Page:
Tips for Poster Development

These are general tips for how to make a great poster. Specifics on poster dimensions and when you should plan to stand by your poster can be found at the main Instructions For Presenters page.

  • The title, author(s) and institution are to be prominently displayed across the top of the poster with lettering height greater than 1 inch (2.5cm).
  • Poster displays may include an Abstract (in the upper left corner) and should include the following sections: Introduction, Methods, Results, Discussion, Conclusion, References, and/or Acknowledgements (Note: Discussion and Conclusion can be combined into a single section).
  • Include and arrange your material so a coherent and straight-forward story is told without your presence. Emphasize the most important points and avoid overwhelming the viewer with too much detail. This is important as your poster will be displayed for the entire conference, not just your session. Specific recommendations for each section include:
    • Introduction: briefly summarize the necessary background that led to this work, clearly identify the purpose of specific aims of the present study, and identify the questions asked or hypothesis(es) tested.
    • Methods: Provide sufficient detail, including the number and necessary demographics of the human or animal subjects studied.
    • Results: Can be effectively presented by table, figure, illustration and/or photograph. Make each stand on its own so the viewer doesn’t have to refer elsewhere on the display to understand the important message(s). For each table, figure, etc., a clear interpretive legend will go a long way in highlighting and explaining the essential points.
    • Discussion and Conclusion: Briefly discuss the “bottom lines” of your work.
    • Acknowledgment: Identify funding source(s), institutional support, individuals who have contributed significantly but are not listed as authors, etc.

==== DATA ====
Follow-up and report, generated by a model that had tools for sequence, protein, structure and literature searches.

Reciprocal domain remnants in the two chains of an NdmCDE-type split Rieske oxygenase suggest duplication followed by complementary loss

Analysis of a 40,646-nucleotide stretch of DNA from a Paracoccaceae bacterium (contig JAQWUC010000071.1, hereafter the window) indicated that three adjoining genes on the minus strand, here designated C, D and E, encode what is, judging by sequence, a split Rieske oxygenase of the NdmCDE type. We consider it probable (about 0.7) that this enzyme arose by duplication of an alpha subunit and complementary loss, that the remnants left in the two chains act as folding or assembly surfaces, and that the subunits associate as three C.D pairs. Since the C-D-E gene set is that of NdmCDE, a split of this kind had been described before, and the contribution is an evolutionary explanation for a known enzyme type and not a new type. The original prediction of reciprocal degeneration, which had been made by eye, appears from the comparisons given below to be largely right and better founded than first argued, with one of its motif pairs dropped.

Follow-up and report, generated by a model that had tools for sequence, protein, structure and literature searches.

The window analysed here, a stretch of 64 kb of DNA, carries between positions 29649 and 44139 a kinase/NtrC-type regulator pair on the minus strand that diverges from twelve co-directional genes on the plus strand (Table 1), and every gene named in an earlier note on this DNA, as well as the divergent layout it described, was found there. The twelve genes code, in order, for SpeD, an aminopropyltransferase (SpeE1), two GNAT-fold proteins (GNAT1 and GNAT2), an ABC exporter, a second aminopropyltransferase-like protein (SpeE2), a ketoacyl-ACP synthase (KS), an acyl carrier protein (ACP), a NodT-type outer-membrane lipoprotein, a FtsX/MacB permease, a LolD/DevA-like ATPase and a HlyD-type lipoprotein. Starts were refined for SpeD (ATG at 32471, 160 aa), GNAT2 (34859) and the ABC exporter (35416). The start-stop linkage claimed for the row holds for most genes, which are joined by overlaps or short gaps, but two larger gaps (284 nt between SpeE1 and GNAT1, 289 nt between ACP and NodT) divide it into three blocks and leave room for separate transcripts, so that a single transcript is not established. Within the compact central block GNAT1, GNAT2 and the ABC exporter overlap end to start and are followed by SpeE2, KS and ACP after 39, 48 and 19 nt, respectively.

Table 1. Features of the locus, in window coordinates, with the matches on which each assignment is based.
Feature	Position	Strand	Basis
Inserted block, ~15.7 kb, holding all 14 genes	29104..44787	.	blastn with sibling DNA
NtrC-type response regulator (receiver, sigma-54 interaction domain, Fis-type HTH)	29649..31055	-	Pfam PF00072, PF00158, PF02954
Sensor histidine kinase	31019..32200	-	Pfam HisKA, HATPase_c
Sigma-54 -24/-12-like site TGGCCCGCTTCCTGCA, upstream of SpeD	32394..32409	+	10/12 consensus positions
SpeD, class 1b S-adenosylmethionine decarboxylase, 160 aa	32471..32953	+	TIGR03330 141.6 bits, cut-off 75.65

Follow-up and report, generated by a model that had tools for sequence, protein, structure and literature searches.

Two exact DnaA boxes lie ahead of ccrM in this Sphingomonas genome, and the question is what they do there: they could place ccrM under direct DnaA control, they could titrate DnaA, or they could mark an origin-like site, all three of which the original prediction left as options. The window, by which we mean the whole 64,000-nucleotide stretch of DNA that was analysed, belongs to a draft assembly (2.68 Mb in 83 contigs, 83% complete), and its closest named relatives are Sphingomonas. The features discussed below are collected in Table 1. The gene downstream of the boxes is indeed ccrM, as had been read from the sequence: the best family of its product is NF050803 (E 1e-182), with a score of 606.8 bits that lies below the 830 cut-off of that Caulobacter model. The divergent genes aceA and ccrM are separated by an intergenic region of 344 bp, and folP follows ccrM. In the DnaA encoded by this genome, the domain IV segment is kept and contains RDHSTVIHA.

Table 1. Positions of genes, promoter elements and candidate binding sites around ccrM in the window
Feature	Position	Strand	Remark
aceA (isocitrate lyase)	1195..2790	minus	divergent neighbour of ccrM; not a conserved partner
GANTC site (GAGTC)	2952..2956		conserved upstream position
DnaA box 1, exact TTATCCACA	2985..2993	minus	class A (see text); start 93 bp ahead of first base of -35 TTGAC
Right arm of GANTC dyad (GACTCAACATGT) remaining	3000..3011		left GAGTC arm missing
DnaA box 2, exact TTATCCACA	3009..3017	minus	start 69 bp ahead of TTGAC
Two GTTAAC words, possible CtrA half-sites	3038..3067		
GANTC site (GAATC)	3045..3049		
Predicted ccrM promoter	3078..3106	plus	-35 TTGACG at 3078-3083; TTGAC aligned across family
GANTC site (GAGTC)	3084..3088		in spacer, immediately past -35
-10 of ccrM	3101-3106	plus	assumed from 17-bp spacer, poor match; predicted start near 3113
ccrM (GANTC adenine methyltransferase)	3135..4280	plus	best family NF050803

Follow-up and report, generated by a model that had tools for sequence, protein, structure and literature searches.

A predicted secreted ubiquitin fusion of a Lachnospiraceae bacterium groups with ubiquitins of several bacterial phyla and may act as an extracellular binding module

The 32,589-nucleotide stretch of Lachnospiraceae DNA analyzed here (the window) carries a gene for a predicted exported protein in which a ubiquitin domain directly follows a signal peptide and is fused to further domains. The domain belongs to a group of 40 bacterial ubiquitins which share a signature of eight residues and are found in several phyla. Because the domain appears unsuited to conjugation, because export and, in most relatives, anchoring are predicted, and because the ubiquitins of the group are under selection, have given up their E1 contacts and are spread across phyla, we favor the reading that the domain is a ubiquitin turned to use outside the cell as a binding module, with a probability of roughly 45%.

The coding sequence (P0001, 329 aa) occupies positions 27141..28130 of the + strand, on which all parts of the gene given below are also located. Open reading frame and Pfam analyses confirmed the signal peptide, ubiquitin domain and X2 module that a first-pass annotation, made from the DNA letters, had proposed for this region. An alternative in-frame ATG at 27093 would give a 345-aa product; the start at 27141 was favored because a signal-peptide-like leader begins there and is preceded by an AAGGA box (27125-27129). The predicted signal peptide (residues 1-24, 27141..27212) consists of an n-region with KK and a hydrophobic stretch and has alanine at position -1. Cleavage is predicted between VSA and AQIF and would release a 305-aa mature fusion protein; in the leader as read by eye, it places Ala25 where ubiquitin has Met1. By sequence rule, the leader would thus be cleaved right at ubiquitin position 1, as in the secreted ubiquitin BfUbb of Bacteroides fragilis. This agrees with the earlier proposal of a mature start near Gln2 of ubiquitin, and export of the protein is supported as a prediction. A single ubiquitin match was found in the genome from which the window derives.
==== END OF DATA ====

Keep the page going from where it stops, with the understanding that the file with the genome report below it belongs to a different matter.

• Handout: Consider distributing a handout during your presentation time if there is a need for exchange of large data sets or other details.
  • Depending on the focus of the research, one also typically includes tables, figures, illustrations, and/or photographs. Large type or print font and points that can be read from several feet away should be utilized. One example that works well: a Times font in 24 point.
  • In addition to using large dark lettering, please keep in mind the following:
    • Keep tables and figures simple and uncluttered, with large font axis labels and legends.
    • Strong visual contrast is a must. Many people have difficulty distinguishing closely related colors, like green from blue, or among subtle shades of a primary color, particularly against incompatible background colors. Up to 10% of people who view your work will have some degree of color blindness.
    • Most graphic software programs have innumerable options for color and symbol shape. Although there are many terrific options which look reasonable on your computer screen, please keep in mind this may be ineffective when printed. Don’t forget that there is much to be said for using large and unique symbols or shading patterns to distinguish groups and conditions, with more sparing use of color to make these distinctions.
  • Avoid mounting materials on thick or heavy backing, as the push pins will be unable to secure it on the display boards. Push pins will be available on-site, however you are advised to bring your own in case the supply runs out.


*Adapted from ACSM poster guidelines.